Question: Who do you know that doesn’t have data access on their phone? Answer, almost nobody. Most users have always-on data updating social media, emails, video and news feeds. But although users think these services are free, they are not. And the cost to unsustainable resources is getting scarily bigger. By Jeremy Torr.
Singapore, 1 March 2018. ”It is estimated that in 2016, data centres worldwide gobbled up 416 terawatts of power per hour. That’s one and a half times the electricity consumption of the United Kingdom,” says sustainability journalist Marco Magrini. “And it is predicted that this [consumption] will double every four years.”
It has been estimated that current data centre power consumption contributes as much if not more atmospheric carbon dioxide (through power generation processes that use coal, oil, and gas) as the entire aviation industry including over 23,000 aircraft pouring burnt aviation fuel into the skies every day.
Take Microsoft. Although not a major social media player, it offers cloud computing and network services to millions of users worldwide. In planning ahead for the massive data traffic this will generate, it spent some US$0.75 billion in 2015 on a spanking new data processing centre in Wyoming.
At the launch, officials pointed out that the site was ideal, because the naturally cool climate decreases cooling costs (thousands of always-on servers generate huge amounts of heat). Global warming; tick. Even more worrying was the issue that could have clinched the deal: Wyoming has some of the lowest electricity prices in the US – thanks mainly to coal. “We have abundant, affordable energy,” said Wyoming ‘s representative at the opening, Matt Mead. CO2 emissions; tick.
Although not widely recognised as a problem, some organisations are waking up to the potential threat both from greenhouse gas emission/power consumption perspective, and from the challenge of getting rid of the vast amounts of generated heat – one recent Facebook data centre sits on a 20-plus acre site, completely occupied by server buildings with tens of thousands of computers inside.
“The energy footprint of the IT sector is already estimated to consume 7% of global electricity,” says Greenpeace in a recent report on the issue. It goes on to note that if data corporations actively pursued renewable energy policies, the internet and data centres could realistically act as a vangaurd of a renewably powered economy.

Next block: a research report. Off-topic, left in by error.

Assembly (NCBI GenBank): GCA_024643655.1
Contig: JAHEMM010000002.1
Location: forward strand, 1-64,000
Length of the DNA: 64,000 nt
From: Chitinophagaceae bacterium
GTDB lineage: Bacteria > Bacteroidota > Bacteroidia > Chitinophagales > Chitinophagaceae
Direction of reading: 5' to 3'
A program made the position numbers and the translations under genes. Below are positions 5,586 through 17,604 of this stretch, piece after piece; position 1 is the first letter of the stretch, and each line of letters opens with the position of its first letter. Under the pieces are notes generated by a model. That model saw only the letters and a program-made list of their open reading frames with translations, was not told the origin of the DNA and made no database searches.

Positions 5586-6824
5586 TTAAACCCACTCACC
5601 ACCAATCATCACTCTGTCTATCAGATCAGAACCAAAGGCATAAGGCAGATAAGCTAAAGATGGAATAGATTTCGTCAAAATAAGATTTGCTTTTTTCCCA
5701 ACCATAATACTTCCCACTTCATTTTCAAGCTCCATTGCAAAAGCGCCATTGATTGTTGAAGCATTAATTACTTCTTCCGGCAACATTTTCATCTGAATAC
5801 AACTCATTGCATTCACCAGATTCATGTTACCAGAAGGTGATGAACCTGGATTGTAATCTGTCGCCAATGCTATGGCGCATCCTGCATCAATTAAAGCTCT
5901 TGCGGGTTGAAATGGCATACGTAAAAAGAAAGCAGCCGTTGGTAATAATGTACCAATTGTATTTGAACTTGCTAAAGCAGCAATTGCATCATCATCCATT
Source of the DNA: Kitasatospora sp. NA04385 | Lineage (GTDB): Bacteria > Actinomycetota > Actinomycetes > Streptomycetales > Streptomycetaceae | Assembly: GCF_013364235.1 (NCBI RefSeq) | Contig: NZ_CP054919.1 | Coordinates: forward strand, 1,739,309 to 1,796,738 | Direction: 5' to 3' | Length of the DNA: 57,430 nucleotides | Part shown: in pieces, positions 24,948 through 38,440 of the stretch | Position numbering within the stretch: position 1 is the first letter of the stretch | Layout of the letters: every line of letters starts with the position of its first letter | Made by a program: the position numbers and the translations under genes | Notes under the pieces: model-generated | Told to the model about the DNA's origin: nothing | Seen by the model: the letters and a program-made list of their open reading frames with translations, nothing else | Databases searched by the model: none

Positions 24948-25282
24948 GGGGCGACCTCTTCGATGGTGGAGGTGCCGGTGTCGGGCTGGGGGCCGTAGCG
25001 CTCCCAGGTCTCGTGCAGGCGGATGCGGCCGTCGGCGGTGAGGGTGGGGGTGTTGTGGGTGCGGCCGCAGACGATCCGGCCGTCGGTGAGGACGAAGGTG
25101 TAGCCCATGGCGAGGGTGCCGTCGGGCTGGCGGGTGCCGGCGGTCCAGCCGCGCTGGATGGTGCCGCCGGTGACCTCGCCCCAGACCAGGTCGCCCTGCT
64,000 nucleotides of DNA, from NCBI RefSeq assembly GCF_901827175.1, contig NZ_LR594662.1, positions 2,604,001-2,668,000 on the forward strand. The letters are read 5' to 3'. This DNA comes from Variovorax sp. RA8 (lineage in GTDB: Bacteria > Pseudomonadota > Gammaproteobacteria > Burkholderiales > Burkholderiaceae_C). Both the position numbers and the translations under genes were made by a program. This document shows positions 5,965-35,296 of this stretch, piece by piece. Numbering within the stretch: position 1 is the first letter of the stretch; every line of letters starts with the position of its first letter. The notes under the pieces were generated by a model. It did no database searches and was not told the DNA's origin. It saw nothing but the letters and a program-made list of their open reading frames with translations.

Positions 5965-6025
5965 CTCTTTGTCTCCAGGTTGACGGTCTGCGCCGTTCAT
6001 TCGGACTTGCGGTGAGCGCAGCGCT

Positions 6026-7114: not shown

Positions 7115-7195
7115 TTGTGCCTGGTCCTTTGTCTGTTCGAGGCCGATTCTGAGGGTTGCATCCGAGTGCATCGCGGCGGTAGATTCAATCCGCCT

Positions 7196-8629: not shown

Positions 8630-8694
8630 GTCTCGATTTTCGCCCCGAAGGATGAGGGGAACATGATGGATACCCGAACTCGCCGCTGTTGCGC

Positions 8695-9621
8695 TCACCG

“But if our growing digital infrastructure is built in the opposite direction, [it would] lock us into a dramatic increase in the demand for electricity from coal and other dirty sources of energy that are changing our planet’s climate,” it warns.
It’s not all dismal though. Many internet companies are more active than other industries at seeking to use renewables. Greenpeace notes that renewable energy bought by US corporations in has increased dramatically since 2010, exceeding 3.2GW in 2015 alone; better still, more than 65% of this has been from electricity deals with major internet companies.
Some companies are being smarter about where they site their data centres. Facebook opened a new centre in Finland, near the Arctic Circle, where cooling is less of a power consumption issue, and where it can tap into renewable hydropower supplies. Admittedly it will still consume as much power as about 100,000 homes – but at least the company is trying to mitigate the sustainability challenges.
But worryingly, the main culprits behind the explosive and power hungry expansion of digital power needs are possibly the areas creating greatest excitement in digital business. They are video streaming, artificial intelligence, and digital blockchain currencies. The first, video streaming, has been driven principally by the use of the internet to supply movies.
Greenpeace reports that streaming is a tremendous driver of data demand, with 63% of global internet traffic in 2015, projected to reach 80% by 2020. Netflix alone already accounts for over one-third of internet traffic in North America. That demands a lot of data centre capacity on its own. Then there is the next big thing – home speaker and integration systems driven by artificial intelligence.
And guess where the intelligence is? Not in your phone or computer, but on the server which is demanding extra power to run all those sophisticated algorithms so you can ask a smart box to turn down the fridge to the optimum temperature.
And lastly, digital currencies (although no doubt an effective alternative to current cumbersome and manual-based transaction standards) consume huge amounts of power during the data mining process to create the individual bitcoin entities.
According to the Digiconomist website, Bitcoin mining and transfer tracking uses power at an annual rate of 32TWh, or somewhere round that of a small-sized Euro economy. By the site's calculations, each Bitcoin transaction consumes 250kWh. And some commentators claim that if the current blockchain boom continues, the processing power required to drive it will almost double the world’s energy requirements within the next few years.
Magrini already estimates that Bitcoin’s energy consumption equals around the same as 3 million typical US households, and although big names like Google and Apple, who pay diligent corporate responsibility executives, are making many of the right noises about using renewables for their power needs, the current situation is, he says, unsustainable.
“While the world keeps running on fossil fuels, our digital sustainability is in question,” he says.